Logan v. City Of Chicago et al, No. 1:2017cv08312 - Document 35 (N.D. Ill. 2018)

Court Description: MEMORANDUM Opinion and Order. For the reasons stated herein, the Court grants in part Defendants' Motion to Dismiss. (Dkt. No. 29.) Count IV and the First Amendment claim in Count VI are dismissed without prejudice and Counts VIII and IX are dismissed with prejudice. The individual Defendants are also stricken from Count III. The case therefore proceeds on Counts I, II, III (solely against the City), VI (solely on Due Process and Equal Protection grounds), VII, and X. Status hearing set for 11/1/2018 at 09:00 AM. Signed by the Honorable Harry D. Leinenweber on 10/24/2018:Mailed notice(maf)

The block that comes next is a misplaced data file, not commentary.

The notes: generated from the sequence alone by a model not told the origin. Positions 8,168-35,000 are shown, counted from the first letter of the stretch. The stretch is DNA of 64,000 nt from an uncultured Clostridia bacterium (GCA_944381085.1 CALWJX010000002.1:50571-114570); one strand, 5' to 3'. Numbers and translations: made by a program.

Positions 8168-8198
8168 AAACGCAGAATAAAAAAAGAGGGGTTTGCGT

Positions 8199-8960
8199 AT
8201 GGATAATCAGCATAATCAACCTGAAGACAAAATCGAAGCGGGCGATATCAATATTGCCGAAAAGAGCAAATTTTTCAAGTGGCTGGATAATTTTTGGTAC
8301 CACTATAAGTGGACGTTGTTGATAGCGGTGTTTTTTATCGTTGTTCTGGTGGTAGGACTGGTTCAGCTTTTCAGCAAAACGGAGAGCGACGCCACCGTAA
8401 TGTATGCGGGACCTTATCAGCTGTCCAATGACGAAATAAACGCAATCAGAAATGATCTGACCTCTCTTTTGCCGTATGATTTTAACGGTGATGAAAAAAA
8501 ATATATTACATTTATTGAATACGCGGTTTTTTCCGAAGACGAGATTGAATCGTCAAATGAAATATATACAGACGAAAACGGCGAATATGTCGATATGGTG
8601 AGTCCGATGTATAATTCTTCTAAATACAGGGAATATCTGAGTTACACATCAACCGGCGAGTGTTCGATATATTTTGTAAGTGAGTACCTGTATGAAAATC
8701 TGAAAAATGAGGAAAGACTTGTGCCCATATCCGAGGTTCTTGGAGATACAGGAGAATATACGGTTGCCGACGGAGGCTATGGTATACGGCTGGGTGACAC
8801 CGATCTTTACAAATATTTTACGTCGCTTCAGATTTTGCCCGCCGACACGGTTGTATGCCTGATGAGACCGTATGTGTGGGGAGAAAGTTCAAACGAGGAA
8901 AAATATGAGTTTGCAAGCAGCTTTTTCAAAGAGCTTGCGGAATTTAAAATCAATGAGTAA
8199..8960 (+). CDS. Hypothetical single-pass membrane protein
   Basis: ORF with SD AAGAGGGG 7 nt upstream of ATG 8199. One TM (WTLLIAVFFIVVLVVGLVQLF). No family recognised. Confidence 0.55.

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IN THE UNITED STATES DISTRICT COURT FOR THE NORTHERN DISTRICT OF ILLINOIS EASTERN DIVISION CHRIS LOGAN, Plaintiff, v. THE CITY OF CHICAGO, a unit of local government, and JEFFREY REDDING, ROBERT MAY, ANTHONY BATES, DAVID SCHMIDT, and JORGE RODRIGUEZ, in their individual and official capacities Case No. 17 C 8312 Judge Harry D. Leinenweber Defendants. MEMORANDUM OPINION AND ORDER Defendants City of Chicago, Jeffrey Redding, Robert May, Anthony Bates, David Schmidt, and Jorge Rodriguez (collectively “Defendants”) move to dismiss partially (Dkt. No. 29) Plaintiff Chris Logan’s First Amended Complaint (Dkt. No. 22) for failure to state a claim. FED. R. CIV. P. 12(b)(6). For the reasons stated herein, Count IV and the First Amendment claim in Count VI are dismissed without prejudice, and Counts VIII and IX are dismissed with prejudice. The individual (non-City) Defendants are also stricken from Count III. The case therefore proceeds on Counts I, II, III (solely against the City), VI (solely on Due Process and Equal Protection grounds), VII, and X. I. BACKGROUND This case arises from events that occurred during Logan’s employment with the City of Chicago’s Department of Aviation (“DOA”). (Compl. ¶ 5.) Logan was serving as an aviation security officer when, in 2015, he was interviewed for a promotion to sergeant. (Compl. ¶ 12.) Sometime in June or July of 2016, Defendants Redding and Bates—two senior DOA officials—allegedly contacted DOA Human Resources (“HR”) and requested that it remove Logan from a list of officers being considered for promotion (“the Promotion List”). (Compl. ¶ 13.) Defendants Rodriguez and Then, around August of 2016, Schmidt—another two DOA officials— allegedly made false complaints against Logan, resulting in his 14-day suspension. (Compl. ¶ 14.) Logan believes that Defendants levied said complaints against him in retaliation for an earlier incident, in which Logan confronted Defendant Redding for sexually harassing a female co-worker. (Compl. ¶¶ 45-47.) Several months later, around October of 2016, Logan learned of Defendants’ having requested HR to remove him from the Promotion List. (Compl. ¶ 15.) With that information, Logan filed a complaint with the City’s Office of the Inspector General (“OIG”). (Compl. ¶ 15.) In the proceeding months, Logan—an African- American male—also filed a complaint for race discrimination with - 2 - HR and requested that an OIG officer attend any subsequent meeting with HR to discuss the complaint. (Compl. ¶ 16.) February 28, 2017, Defendants Bates and Then, around Redding allegedly contacted HR to request again that Logan be removed from the Promotion List, emphasizing suspended. (Compl. ¶ 17.) that Logan had recently been Notwithstanding those requests, HR notified Logan that he was being promoted to sergeant, a promotion for which Logan subsequently completed paperwork, around the first week of March 2017. (Compl. ¶ 18.) But then, to Logan’s dismay, Defendant May—Director of Administration for HR—informed Logan he would not be promoted after all. (Compl. ¶ 19.) Instead, HR promoted two other employees, allegedly “less-qualified Caucasian officers,” one of whom was a female. (Compl. ¶ 20.) In response, Logan filed a complaint with the Equal Employment Opportunity Commission and, as a result, received his right to file suit. (Compl. ¶ 21.) Logan now brings this suit, claiming Defendants discriminated against him on the basis of his race and gender (Counts I and II). He further contends Defendants retaliated against him in violation of 42 U.S.C. § 2000e and his First Amendment and Equal Protection rights under 42 U.S.C. § 1983 (Counts III and IV). Logan also brings a Monell claim (Count VI), an Illinois Whistleblower Act claim (Count VII), and an Intentional Interference with Economic Advantage claim (Count VIII). Finally, Logan claims breach of - 3 - contract (Count IX) and seeks indemnification from the City (Count X). The Court notes that the Complaint fails to mention a Count V, so none will be addressed throughout this opinion. II. ANALYSIS A 12(b)(6) motion to dismiss challenges the sufficiency of the complaint. (7th Cir. Christensen v. Cty. of Boone, 483 F.3d 454, 457 2007). To overcome a motion to dismiss under Rule 12(b)(6), a complaint must “state a claim to relief that is plausible on its face.” Adams v. City of Indianapolis, 742 F.3d 720, 728 (7th Cir. 2014) (quoting Bell Atl. Corp. v. Twombly, 550 U.S. 544, 570 (2007)). A claim has facial plausibility “when the pleaded factual content allows the court to draw the reasonable inference that the defendant is liable for the misconduct alleged.” Ashcroft v. Iqbal, 556 U.S. 662, 678 (2009) (citing Twombly, 550 U.S. at 570). When considering a 12(b)(6) motion to dismiss, the Court must “accept[] as true all well-pleaded facts alleged, and draw[] all possible inferences in [the plaintiff’s] favor.” Tamayo v. Blagojevich, 526 F.3d 1074, 1081 (7th Cir. 2008). Defendants have moved to dismiss: (1) the Title VII retaliation claim, as applied only against the individual (nonCity) Defendants, in Count III; (2) the § 1983 retaliation claim in Count IV; (3) the Monell claim in Count VI; (4) the Illinois Whistleblower Act claim in Count VII; (5) the Intentional Interference with Economic Advantage claim in Count VIII; (6) the - 4 - breach of contract claim in Count IX; and (7) the claims for punitive damages against the City and attorney’s fees in Counts VIII and IX. A. Defendants move Title VII Retaliation Claim to dismiss Count III—Logan’s Title VII retaliation claim—against the individual Defendants, arguing that no individual liability exists under Title VII. Defendants are correct. See Williams v. Banning, 72 F.3d 552, 553-54 (7th Cir. 1995) (citing EEOC v. AIC Security Investigations, Ltd., 55 F.3d 1276, 1279-82 (7th Cir. 1995) (finding that “employer” under Title VII does not provide for individual liability)). Logan does not object and seeks to withdraw Count III, only as applied to the individual (non-City) Defendants. Because Defendants raise no argument against Count III as applied to the City, Logan may proceed on Count III in that limited fashion. B. Count IV: § 1983 Retaliation Claims Defendants move to dismiss Count IV—Logan’s § 1983 Equal Protection and First Amendment retaliation claims—arguing that (1) § 1983 does not provide a remedy for employment discrimination rights created under Title VII; and (2) the First Amendment does not apply. 1. Section 1983 and Title VII Defendants first contend § 1983 provides a remedy for the deprivation of constitutional, not statutory, rights. Because - 5 - employment discrimination statutes, such as Title VII, created the right against retaliation for a charge of discrimination, Defendants argue any such retaliation claim may be brought only under Title VII or another applicable statute. In Schroeder v. Hamilton School District, 282 F.3d 946, 948 (7th Cir. 2002), the Seventh Circuit considered a similar argument, regarding a right against discrimination in employment created by Title VII. The plaintiff, a school teacher, brought a § 1983 lawsuit against his school district, its administrators, and its staff. Id. Like here, the plaintiff alleged constitutional violations based upon the defendants’ failure to respond to his complaints of harassment and upon additional discrimination he alleges he suffered at the defendants’ hands. Id. at 949. The court ultimately found that § 1983 does not apply where such statutorily-created rights against discrimination in employment serve the basis for an alleged Equal Protection violation. Id. at 951. In other words, “§ 1983 does not provide a remedy for rights created under Title VII.” Id. (citing Trautvetter v. Quick, 916 F.2d 1140, 1149 n. 4 (7th Cir. 1990); Gray v. Lacke, 885 F.2d 399, 414 (7th Cir. 1989)). That decision is controlling. Count IV—namely, a right The right that Logan claims in against retaliation for reporting harassment or discrimination—is one created and addressed by Title VII. Logan objects to Defendants’ characterization of § 1983 as - 6 - providing a remedy solely for constitutional rights, but this is beside the point for present purposes. Schroeder establishes that § 1983 does not provide a remedy for Title VII rights and that is sufficient. See id. 2. The First Amendment Undisputedly, § 1983 does provide a remedy for retaliation against constitutionally-protected conduct. See Hutchins v. Clarke, 661 F.3d 947, 955 (7th Cir. 2011) (recognizing that “the government cannot retaliate against its employees for engaging in constitutionally protected speech” and that such First Amendment claims may be brought via § 1983); see also Gomex v. Garda CL Great Lakes, Inc., No. 13 C 1002, 2013 WL 6858793, at *4 (N.D. Ill. Dec. 30, 2013) (finding Schroeder “inapplicable because [p]laintiffs rely on their Fifth Amendment privilege against self-incrimination and the corresponding right to be free from retaliation when that right is exercised, not any employment-related right created by Title VII”). That brings us to Defendants’ second argument. Defendants contend that Logan fails to plead a viable First Amendment retaliation claim. To establish such a claim, Logan must prove that his speech was constitutionally protected. Kubiak v. City of Chicago, 810 F.3d 476, 481 (7th Cir. 2016) (citing Swetlik v. Crawford, 738 F.3d 818, 825 (7th Cir. 2013), cert. denied, 137 S. Ct. 491 (2016)). Further, to establish that his speech was constitutionally protected, Logan must show that he - 7 - spoke as a citizen on a matter of public concern. Garcetti v. Ceballos, 547 U.S. 410, 418 (2006). According to Defendants, Logan’s speech is not constitutionally protected because he spoke neither as a citizen nor on a matter of public concern. “When a citizen enters government service, the citizen by necessity must accept certain limitations on his or her freedom.” Id. At the same time, “a public employee does not relinquish all First Amendment rights otherwise enjoyed by citizens just by reason of his or her employment.” City of San Diego v. Roe, 543 U.S. 77, 80 (2004). The Supreme Court in Garcetti accordingly demarcated that “when public employees make statements pursuant to their official duties, the employees are not speaking as citizens for First Amendment purposes, and the Constitution does not insulate their communications from employer discipline.” 547 U.S. at 421. To determine what a plaintiff’s official duties consist of, the Court looks to “what duties the employee is expected to perform, and is not limited to the formal job description.” Cir. 2008). Houskins v. Sheahan, 549 F.3d 480, 490 (7th As the Seventh Circuit explained: speech does not ‘owe[ ] its existence to a public employee’s professional responsibilities’ within the meaning of Garcetti simply because public employment provides a factual predicate for the expressive activity; rather, Garcetti governs speech that is made ‘pursuant to official duties’ in the sense that it is ‘government employees’ work product’ that has been ‘commissioned or created’ by the employer. - 8 - Chrzanowski v. Bianchi, 725 F.3d 734, 738 (7th Cir. 2013) (quoting Garcetti, 547 U.S. at 422). Defendants contend that Logan, as an aviation security officer, has a duty to report misconduct. So, Logan’s internal complaints—one to HR concerning race discrimination and one to OIG concerning both retaliation and discrimination—were made pursuant to his official duties and thus were not protected by the First Amendment. Defendants’ first premise is correct: Police officers have a duty to report official misconduct. Forgue v. City of Chicago, 873 F.3d 962, 967 (7th Cir. 2017) (citation omitted). The complaint to HR falls within that category. See Roake v. Forest Pres. Dist. of Cook Cty., 849 F.3d 342, 346 (7th Cir. 2017) (holding that a police officer spoke within his official capacity when he shared complaints complaints focused “only exclusively on with his official employer, misconduct and the by his fellow officers”). Logan’s report to HR is thus unprotected speech. With respect to his report to OIG, however, the Court reaches a different conclusion. An employee is not speaking pursuant to his official duties when he reports “reports something misconduct for outside which he established did not have channels” any or formal responsibilities. Spalding v. City of Chicago, 186 F. Supp. 3d 884, 904 (N.D. Ill. 2016); see also Rose v. Haney, No. 16 CV 5088, 2017 WL 1833188, at *5 (N.D. Ill. May 8, 2017). Logan had no formal - 9 - responsibilities to report to the OIG—a separate and independent body that aims to root out corruption. See Kristofek v. Vill. of Orland Hills, 832 F.3d 785, 793 (7th Cir. 2016) (“[W]e must be especially pursuant careful to their in concluding official that duties employees when the have speech spoken concerns allegations of public corruption.”). In making that report, at least, Logan thus spoke purely as a citizen, not as an employee within his official capacity. Putting aside that Logan spoke as a citizen, Defendants nevertheless contend that Logan’s claim must fail because it does not satisfy the second protected speech requirement, namely that he was not speaking on a matter of public concern. Defendants argue that his speech concerned only him individually and thus missed the mark. The Supreme Court has defined “public concern” to mean “legitimate news interest,” or “a subject of general interest and of value and concern to the public at the time of publication.” Meade v. Moraine Valley Cmty. Coll., 770 F.3d 680, 684 (7th Cir. 2014) (quoting City of San Diego v. Roe, 543 U.S. 77, 83-84 (2004)). “Whether an employee’s speech addresses a matter of public concern must be determined by the content, form, and context of a given statement[.]” Connick v. Myers, 461 U.S. 138, 147-48 (1983). “Speech that serves a private or personal interest, as opposed to a public one, does not satisfy the standards of First Amendment protections.” Houskins v. Sheahan, 549 F.3d 480, 491-92 (7th Cir. - 10 - 2008) (citation omitted). Here, Logan’s Complaint neither alleges nor introduces evidence supporting a conclusion that his concerns about retaliation or discrimination serve something greater than his own personal interest. In an attempt to rectify such omissions from the Complaint, Logan asserts in his brief that the DOA has been in the news for issues related to discrimination. This is insufficient. See Car Carriers, Inc. v. Ford Motor Co., 745 F.2d 1101, 1107 (7th Cir. 1984) (stating that plaintiff may not amend complaint through arguments in brief in opposition to motion to dismiss). The “content, form and context” of Logan’s complaints demonstrate that his purpose was to advance private interests. See Connick, 461 U.S. at 147-48. Logan has thus failed to state sufficient facts to support that his speech was a matter of public concern. Accordingly, the Court dismisses Count IV without prejudice. C. Count VI: Monell Claim Defendants move to dismiss Count VI—Logan’s Monell claim— arguing that Logan failed to state a claim for municipal liability. Specifically, Defendants argue: (1) the allegations are entirely conclusory; (2) Logan relies on a single underlying incident, which is insufficient to raise a Monell claim; and (3) the First Amendment does not apply. In Monell v. Department of Social Services of the City of New York, 436 U.S. 658, 694 (1978), the Supreme Court held that a - 11 - government agency may be held liable when its official policy or custom inflicts the plaintiff’s injury. But “a municipality may not be held liable under § 1983 solely because it employs a tortfeasor.” Bd. of Cty. Com’rs of Bryan Cty., v. Brown, 520 U.S. 397, 403 (1997). Rather, to “establish municipal liability, a plaintiff must show the existence of an official policy or other governmental custom that not only causes but is the moving force behind the deprivation of constitutional rights.” Teesdale v. City of Chicago, 690 F.3d 829, 833 (7th Cir. 2012) (internal quotation marks omitted). Defendants entirely first conclusory contend and that fails to Logan’s plead Monell claim sufficiently is factual allegations. The Court disagrees. Complaints should be construed liberally. Riemer v. Illinois DOT, 148 F.3d 800, 804 (7th Cir. 1998). The Seventh Circuit has found that allegations bordering on “boilerplate vagueness” may still be sufficient to allege a Monell claim. See Lanigan v. Vill. of E. Hazel Crest, 110 F.3d 467, 480 (finding that the plaintiff’s allegation that the municipality had a policy of inadequately training or supervising its officers was sufficient to overcome dismissal). Here, Logan pleads Defendants’ actions give rise to: a widespread permanent, well-settled practice and custom of endorsing retaliation and discrimination against employees who engage in First Amendment protected activity in association and speech, including, but not - 12 - that limited to: disciplining, seeking discipline, granting unfavorable job duties to, denying promotions, denying pay premiums, and similarly-adverse employment actions against employees who engage in constitutionallyprotected speech - and association-based activity. Such activity includes filing grievances, serving as union steward or business agent, and testifying in grievance and arbitration hearings against the CITY in behalf of the defense of other employees. (Compl. ¶ 67.) These allegations plausibly suggest that the City maintained a practice and/or custom of retaliation and discrimination. Whether Logan can demonstrate that the City indeed maintained such a practice is a question better left for summary judgment. Defendants’ second argument also fails. Defendants rely on Lanton v. City of Chicago, No. 16 C 2351, 2017 WL 569155, at *5 (N.D. Ill. Feb. 13, 2017), to argue that Monell claims based solely on a single underlying incident are insufficient. However, Logan’s Monell claim, as provided above, demonstrates more than just a “random, isolated incident related to [p]laintiff[.]” Id. Rather, Logan pleads specific categories of allegedly protected conduct that has resulted in the retaliation and discrimination against other employees. That is sufficient to overcome Defendants’ motion. Defendants finally argue, for the same reasons raised against Count IV, that the First Amendment does not apply. The Court agrees. As explained in the preceding section, Logan has failed to - 13 - plead sufficient facts demonstrating that his speech is a matter of public concern warranting First Amendment protection. Therefore, the Court dismisses the First Amendment claim in Count VI without prejudice. The Due Process and Equal Protection claims may nonetheless proceed. D. Count VII: Illinois Whistleblower Act Claim Defendants also move to dismiss Count VII—Logan’s Illinois Whistleblower Act (“IWA”) claim. The IWA prohibits employers from “retaliat[ing] against an employee who discloses information in a court, an administrative hearing, or before a legislative commission or committee, or in any other proceeding, where the employee has reasonable cause to believe that the information discloses a violation of State or Federal law, rule or regulation.” 740 ILCS 174/15. Logan may establish an IWA claim “by showing that he engaged in protected whistleblowing activity, suffered adverse employment action, and his employer retaliated against him as a result.” Bello v. Vill. of Skokie, 151 F. Supp. 3d 849, 865 (N.D. Ill. 2015) (emphasis added). Defendants first argue that Logan fails to allege that any of the individual Defendants were his employer. Defendants rely on Cunliffe v. Wright, 51 F. Supp. 3d 721, 740 (N.D. Ill. 2014), which held that “there is no individual liability under the IWA, which only creates a cause of action against an employer.” See Hernandez v. Cook Cty. Sheriff’s Office, No. 13 C 7163, 2014 WL 1339686, at - 14 - *3 (N.D. Ill. Apr. 3, 2014); Martorana v. Vill. of Elmwood Park, No. 12 C 6051, 2013 WL 1686869, at *4 (N.D. Ill. Apr. 18, 2013). The Court recognizes, however, that other courts in this District have found that claims against agents of an employer also satisfy the IWA. For example, in Van Pelt v. Bona-Dent, Inc., No. 17 C 1128, 2018 WL 2238788, at *6 (N.D. Ill. May 16, 2018), the court concluded that “[t]he unambiguous and plain language of the IWA includes [the individual defendant] because he is alleged to have been acting on behalf of the [ ] corporation and within the scope of his authority when he fired” the plaintiff. Additionally, in Bello v. Village of Skokie, No 14 C 1718, 2014 WL 4344391, at *9 (N.D. Ill. Sept. 2, 2014), the court found that the IWA “makes clear that individuals acting on behalf of an entity that one might colloquially understand to be a person’s ‘employer’ may likewise be considered ‘employers’ potentially liable for violating the statute.” This Court adopts the latter approach. The definition of “employer” under IWA includes “an individual,” as well as “any person acting within the scope of his or her authority express or implied on those entities in dealing with its employees.” 740 ILCS 174/5. The individual Defendants here acted on behalf of the City. Interpreting the statute as written, these Defendants thus fall within the IWA’s ambit. Therefore, they are not entitled to dismissal on this ground. - 15 - Defendants next argue that Logan’s complaints to the OIG and HR were internal reports to his employer and thus are not protected by the IWA. The Court agrees in part. Generally, there is “no cause of action where an employee reveals information only to his or her employer.” Huang v. Fluidmesh Networks, LLC, No. 16 CV 9566, 2017 WL 3034672, at *3 (N.D. Ill. July 18, 2017) (citation omitted); Cunliffe, 51 F. Supp. 3d at 740. Here, Logan disclosed information to HR and the OIG, both City entities and thus Logan’s employer. But the inquiry does not end there. The IWA prohibits employers from retaliating “against an employee for disclosing information to a government or law enforcement agency.” 740 ILCS 174/15(b) (emphasis added). Logan’s report to OIG, specifically, thus poses a more difficult question—what if one’s employer also happens to be a law enforcement agency? Several courts in this District have considered this issue. The Defendants rely on Cunliffe, 51 F. Supp. 3d at 740 (citation omitted), where the court found that the plaintiff’s report to the Inspector General (IG) was not a protected activity because the IG was the plaintiff’s employer. Nevertheless, though Logan never recites as much, other courts in this District have found that a report to the OIG does indeed constitute a protected activity even when the plaintiff’s employer is also a law enforcement agency. See Mislap v. City of Chicago, No. 16 CV 4202, 2018 WL 488270, at *8-9 (N.D. Ill. Jan. 19, 2018) (holding that the plaintiff “has - 16 - alleged that he reported what he perceived to be illegal conduct to the OIG, and that is enough to state a claim under 15(b) of the IWA” and “[t]hat the agency also happens to be an agency of his employer does not exempt him from the statute”); Brame v. City of North Chicago, 955 N.E. 2d 1269, 1271 (Ill. App. Ct. 2011) (holding that the plaintiff’s report is protected even when the report is made to “his own employer, who also happens to be the head of a ‘government or law enforcement agency’”). This Court agrees with the latter cases. The IWA “requires an employee only to report to a government or law-enforcement agency, and no exceptions apply if a government or law-enforcement agency is also the employer.” Brame, 955 N.E. 2d at 1272-73. “This plain reading also furthers the purpose of the statute, especially here, where the plaintiff alleges that he reported alleged wrongdoing to an agency like the City’s OIG, which is specifically charged with promoting integrity and rooting out corruption and waste within the affairs of the City government.” Milsap, 2018 WL 488270, at *9. Moreover, the Cunliffe court, unlike the latter courts, did not consider specifically the question of when one’s employer also serves as a law enforcement agent. Id. at 8. Instead, the Cunliffe court relied on cases where the employer was not even a government entity. Id. For the foregoing reasons, the Court finds that Logan’s report to the OIG is protected activity under the IWA, even though the OIG constitutes Logan’s employer. - 17 - Finally, Defendants argue that Logan cannot satisfy the causation requirement under the IWA. Defendants contend that Logan fails to show that the individual Defendants had knowledge of Logan’s internal complaints when they decided to contact HR and to request that he be removed from the Promotion List. This argument fails. Logan is not required to prove causation at this point, but to allege it plausibly. If Logan is unable to show that Defendants had knowledge of his internal complaints, then perhaps he will lose on summary judgment. “But the Court is not entitled to assume that other evidence of causation is lacking simply because it is not detailed in [plaintiff]’s complaint.” Bello, 2014 WL 4344391, at *5. For present purposes, Logan has sufficiently alleged a causal connection between his protected conduct and Defendants’ adverse actions. Accordingly, Logan’s IWA claim in Count VII withstands dismissal. E. Defendants Count VIII: Intentional Interference with Economic Advantage Claim also move to dismiss Count VIII—Logan’s Intentional Interference with Economic Advantage (“IIEA”) claim. To state a claim under Illinois law for IIEA, “a plaintiff must allege (1) a reasonable expectancy of entering into a valid business relationship, (2) the defendant’s expectancy, (3) an intentional unjustified knowledge of the interference by the defendant that induced or caused a breach or termination of the - 18 - expectancy, and (4) damage to the plaintiff resulting from the defendant’s interference.” Foster v. Principal Life Ins. Co., 806 F.3d 967, 971 (7th Cir. 2015) (internal quotation marks and citation omitted). For an IIEA claim, the alleged misconduct “must be directed at third-party business prospects.” F:A J Kikson v. Underwriters Labs., Inc., 492 F.3d 794, 800 (7th Cir. 2007). Defendants argue that Logan’s employment action seeks the promotion benefits denied from his employer, the City, and not from a “third-party business prospect.” Id. The Court agrees. The law is clear on this point. Logan attempts to argue that because the individual Defendants acted outside the scope of their employment, they became third-parties under the IIEA. But such an argument would render the requirement for “third-party business prospects” pointless. Any employer faced with an IIEA claim could thus constitute a “third-party” so long as the plaintiff alleges that the employer acted outside the scope of his or her employment in interfering with potential business prospects. Logan’s argument thus fails. Accordingly, Logan fails to state a claim for IIEA and Count VIII is dismissed with prejudice. F. Count IX: Breach of Contract Claim Defendants move to dismiss Count IX — Logan’s breach of contract claim—arguing that Logan (1) lacks standing and (2) fails to allege compliance with the Bargaining Agreement (“CBA”). - 19 - applicable 2011 Collective The Court finds Defendants’ first argument on standing dispositive and thus need not venture into the second. The Illinois Public Labor Relations Act (“IPLRA”) governs the CBA between the City and Logan’s union, SEIU Local 73. 5 ILCS 315/2. The Supreme Court of Illinois has considered the issue of employee standing under IPLRA and found that “individual employees represented by a union cannot bring a suit to overturn the outcome of a grievance procedure[.]” Stahulak v. City of Chicago, 703 N.E. 2d 44, 47 (Ill. 1998) (collecting cases). Individual union members are “entitled to judicial review of a grievance or arbitration, only if the individual proves that the union’s conduct in processing the grievance was arbitrary, discriminatory, or in bad faith.” Id. Logan makes no allegation that his union breached its duty of fair representation warranting standing. Instead, Logan argues that Stahulak is inapplicable and that the CBA offers additional grounds for standing. Logan points to Section 8.4 of the CBA, which reads: “Grievances by employees alleging violation of [Article 8 Non-Discrimination] shall be resolved through Step III of the Grievance Procedure of This Agreement, but shall not be subject to arbitration unless mutually agreed by the parties.” (Exhibit B to Compl. 17, Dkt. No. 22-2.) Logan argues that this provision “carves out discrimination violations from the arbitration clause, making it impossible for an employee to have his rights under this section - 20 - vindicated short of a lawsuit by either the employee or the union on his behalf.” (Pl.’s Resp. 14, Dkt. No. 32.) Logan fails to address, however, that Section 8.4 states that the violation “shall be resolved through Step III of the Grievance Procedure.” In Step III, the CBA provides that if a grievance is not settled, it must be appealed to the Department Head. (Exhibit B to Compl. 13.) The Department Head shall “have the requisite authority to attempt to resolve grievances during the Step III meeting[,]” and “[i]f an arbitrable dispute is not settled at the third step, either the Union or the Employer may notify the other in writing . . . that it requests final and binding arbitration of its grievance.” (Exhibit B to Compl. 13.) Logan’s argument thus undeniably fails. Section 8.4 does not “mak[e] it impossible for an employee to have his rights under this section vindicated short of a lawsuit” (Pl.’s Resp. 14); rather, it obviously provides the alternative path to pursue such claims. Perhaps Logan was mistaken. If not, his attempt to misconstrue the CBA is regrettable. For the foregoing reasons, Logan lacks standing and thus fails to state a claim for breach of contract. Accordingly, Count IX is dismissed with prejudice. G. Counts VIII & IX: Punitive Damages and Attorney’s Fees As discussed in the preceding two sections, Counts VIII and IX are dismissed with prejudice—for failure to state an IIEA claim - 21 - and a breach of contract claim, respectively. That dismissal eliminates Counts VII and IX. But for sake of completeness, the Court considers Defendants’ request to strike punitive damages and attorney’s fees from Counts VIII and IX. Defendants first contend that the City is immune from punitive damages under 42 U.S.C. § 1983. Defendants are correct. See City of Newport v. Fact Concerts, Inc., 453 U.S. 247, 271 (1981) (holding that “considerations of history and policy do not support exposing a municipality to punitive damages for the bad-faith actions of its officials”). Defendants are also correct in arguing that Logan cannot seek attorney’s fees for the state claims represented by these counts. See Hardt v. Reliance Standard Life Ins. Co., 560 U.S. 242, 253 (2010) (“Each litigant pays his own attorney’s fees, win or lose, unless a statute or contract provides otherwise.”). Neither statute nor contract provide for attorney’s fees in Counts VIII and IX. Logan concedes both points and raises no objections. Accordingly, the Court strikes both punitive damages and attorney’s fees from the relief sought in Counts VIII and IX. III. CONCLUSION For the reasons stated herein, the Court grants in part Defendants’ Motion to Dismiss. (Dkt. No. 29.) Count IV and the First Amendment claim in Count VI are dismissed without prejudice and Counts VIII and IX are dismissed with prejudice. The individual - 22 - Defendants are also stricken from Count III. The case therefore proceeds on Counts I, II, III (solely against the City), VI (solely on Due Process and Equal Protection grounds), VII, and X. IT IS SO ORDERED. Harry D. Leinenweber, Judge United States District Court Dated: 10/24/2018 - 23 -